Published on Tue Jun 22 2021

Comparison of algorithm-based versus single-item diagnostic measures of anxiety and depression disorders in the GLAD and COPING cohorts

Davies, M. R., Buckman, J. E. J., Adey, B. N., Armour, C., Bradley, J. R., Curzons, S. C. B., Davis, K. A. S., Goldsmith, K. A., Hirsch, C. R., Hotopf, M., Hübel, C., Jones, I. R., Kalsi, G., Krebs, G., Lin, Y., Marsh, I., McAtarsney-Kovacs, M., McIntosh, A. M., Monssen, D., Peel, A. J., Rogers, H. C., Skelton, M., Smith, D. J., ter Kuile, A., Thompson, K. N., Veale, D., Walters, J. T. R., Zahn, R., Breen, G., Eley, T. C.

Researchers assessed the comparability of diagnostic methods for anxiety and depression disorders commonly used in research. Participants from the UK-based GLAD and COPING NBR cohorts (N = 58,400) completed an online questionnaire. Responses to detailed symptom reports were compared to DSM-5 criteria to generate algorithm-based diagnoses.

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Abstract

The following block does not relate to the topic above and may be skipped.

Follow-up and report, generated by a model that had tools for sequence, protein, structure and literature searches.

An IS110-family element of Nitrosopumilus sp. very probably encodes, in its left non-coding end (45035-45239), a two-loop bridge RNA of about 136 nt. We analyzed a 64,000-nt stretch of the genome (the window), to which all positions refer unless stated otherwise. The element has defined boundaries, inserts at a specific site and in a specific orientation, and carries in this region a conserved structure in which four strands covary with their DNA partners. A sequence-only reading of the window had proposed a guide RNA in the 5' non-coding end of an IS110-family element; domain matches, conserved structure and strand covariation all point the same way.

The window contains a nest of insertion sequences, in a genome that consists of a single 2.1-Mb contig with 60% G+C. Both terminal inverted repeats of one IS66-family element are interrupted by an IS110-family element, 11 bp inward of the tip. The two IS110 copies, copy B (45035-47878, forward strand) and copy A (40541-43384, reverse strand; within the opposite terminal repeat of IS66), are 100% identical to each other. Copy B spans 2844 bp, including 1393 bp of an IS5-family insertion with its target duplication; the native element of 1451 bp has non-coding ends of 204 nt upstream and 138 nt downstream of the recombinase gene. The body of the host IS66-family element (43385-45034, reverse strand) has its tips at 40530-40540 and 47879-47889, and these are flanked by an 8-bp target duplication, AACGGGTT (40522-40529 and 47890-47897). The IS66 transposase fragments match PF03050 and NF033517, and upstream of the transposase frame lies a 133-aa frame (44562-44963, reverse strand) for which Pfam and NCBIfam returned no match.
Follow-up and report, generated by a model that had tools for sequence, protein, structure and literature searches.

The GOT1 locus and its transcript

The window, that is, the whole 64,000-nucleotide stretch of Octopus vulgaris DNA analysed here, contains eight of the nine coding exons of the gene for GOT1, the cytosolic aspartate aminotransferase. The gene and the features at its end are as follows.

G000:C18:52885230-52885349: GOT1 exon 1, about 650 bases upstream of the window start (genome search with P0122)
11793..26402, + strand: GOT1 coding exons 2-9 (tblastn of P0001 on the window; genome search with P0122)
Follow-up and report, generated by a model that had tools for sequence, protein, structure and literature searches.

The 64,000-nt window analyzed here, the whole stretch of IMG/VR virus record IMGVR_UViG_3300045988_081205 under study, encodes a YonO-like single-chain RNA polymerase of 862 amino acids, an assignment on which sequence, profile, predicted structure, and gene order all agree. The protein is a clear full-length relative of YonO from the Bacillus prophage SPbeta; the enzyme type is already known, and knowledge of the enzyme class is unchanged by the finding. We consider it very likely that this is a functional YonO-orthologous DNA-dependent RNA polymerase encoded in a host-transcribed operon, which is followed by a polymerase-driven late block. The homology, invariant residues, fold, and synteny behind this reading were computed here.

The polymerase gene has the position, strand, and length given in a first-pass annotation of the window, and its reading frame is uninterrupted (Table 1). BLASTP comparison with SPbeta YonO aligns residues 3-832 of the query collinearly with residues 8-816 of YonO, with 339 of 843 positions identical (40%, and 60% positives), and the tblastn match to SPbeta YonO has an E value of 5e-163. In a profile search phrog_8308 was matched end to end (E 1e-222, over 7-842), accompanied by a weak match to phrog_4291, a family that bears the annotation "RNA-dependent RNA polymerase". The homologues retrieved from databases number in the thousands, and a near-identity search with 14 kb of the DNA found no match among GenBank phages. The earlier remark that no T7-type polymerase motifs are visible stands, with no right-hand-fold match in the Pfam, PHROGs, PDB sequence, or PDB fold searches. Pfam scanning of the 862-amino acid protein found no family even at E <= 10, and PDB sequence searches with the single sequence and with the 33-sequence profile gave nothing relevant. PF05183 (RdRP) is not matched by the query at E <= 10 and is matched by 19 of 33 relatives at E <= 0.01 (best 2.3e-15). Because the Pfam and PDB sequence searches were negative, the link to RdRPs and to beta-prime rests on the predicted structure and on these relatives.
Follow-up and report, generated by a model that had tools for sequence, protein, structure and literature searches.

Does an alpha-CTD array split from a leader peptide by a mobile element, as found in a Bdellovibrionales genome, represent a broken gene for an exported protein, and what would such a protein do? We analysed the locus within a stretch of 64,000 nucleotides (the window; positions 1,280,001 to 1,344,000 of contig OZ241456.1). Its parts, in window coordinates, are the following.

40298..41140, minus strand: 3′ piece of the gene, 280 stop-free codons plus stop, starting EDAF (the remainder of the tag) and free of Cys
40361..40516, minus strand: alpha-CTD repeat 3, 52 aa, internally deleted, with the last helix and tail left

BackgroundUnderstanding and improving outcomes for people with anxiety or depression often requires large studies. To increase participation and reduce costs, such research is typically unable to utilise "gold-standard" methods to ascertain diagnoses, instead relying on remote, self-report measures. AimsTo assess the comparability of remote diagnostic methods for anxiety and depression disorders commonly used in research. MethodParticipants from the UK-based GLAD and COPING NBR cohorts (N = 58,400) completed an online questionnaire between 2018-2020. Responses to detailed symptom reports were compared to DSM-5 criteria to generate algorithm-based diagnoses of major depressive disorder (MDD), generalised anxiety disorder (GAD), specific phobia, social anxiety disorder, panic disorder, and agoraphobia. Participants also self-reported any prior diagnoses from health professionals, termed single-item diagnoses. "Any anxiety" included participants with at least one anxiety disorder. Agreement was assessed by calculating accuracy, Cohens kappa, McNemars chi-squared, sensitivity, and specificity. ResultsAgreement between diagnoses was moderate for MDD, any anxiety, and GAD, but varied by cohort. Agreement was slight to fair for the phobic disorders. Many participants with single-item GAD did not receive an algorithm-based diagnosis. In contrast, algorithm-based diagnoses of the phobic disorders were more common than single-item diagnoses. ConclusionsAgreement for MDD, any anxiety, and GAD was higher for cases in the case-enriched GLAD cohort and for controls in the general population COPING NBR cohort. For anxiety disorders, single-item diagnoses classified most participants as having GAD, whereas algorithm-based diagnoses distributed participants more evenly across the anxiety disorders. Further validation against gold standard measures is required.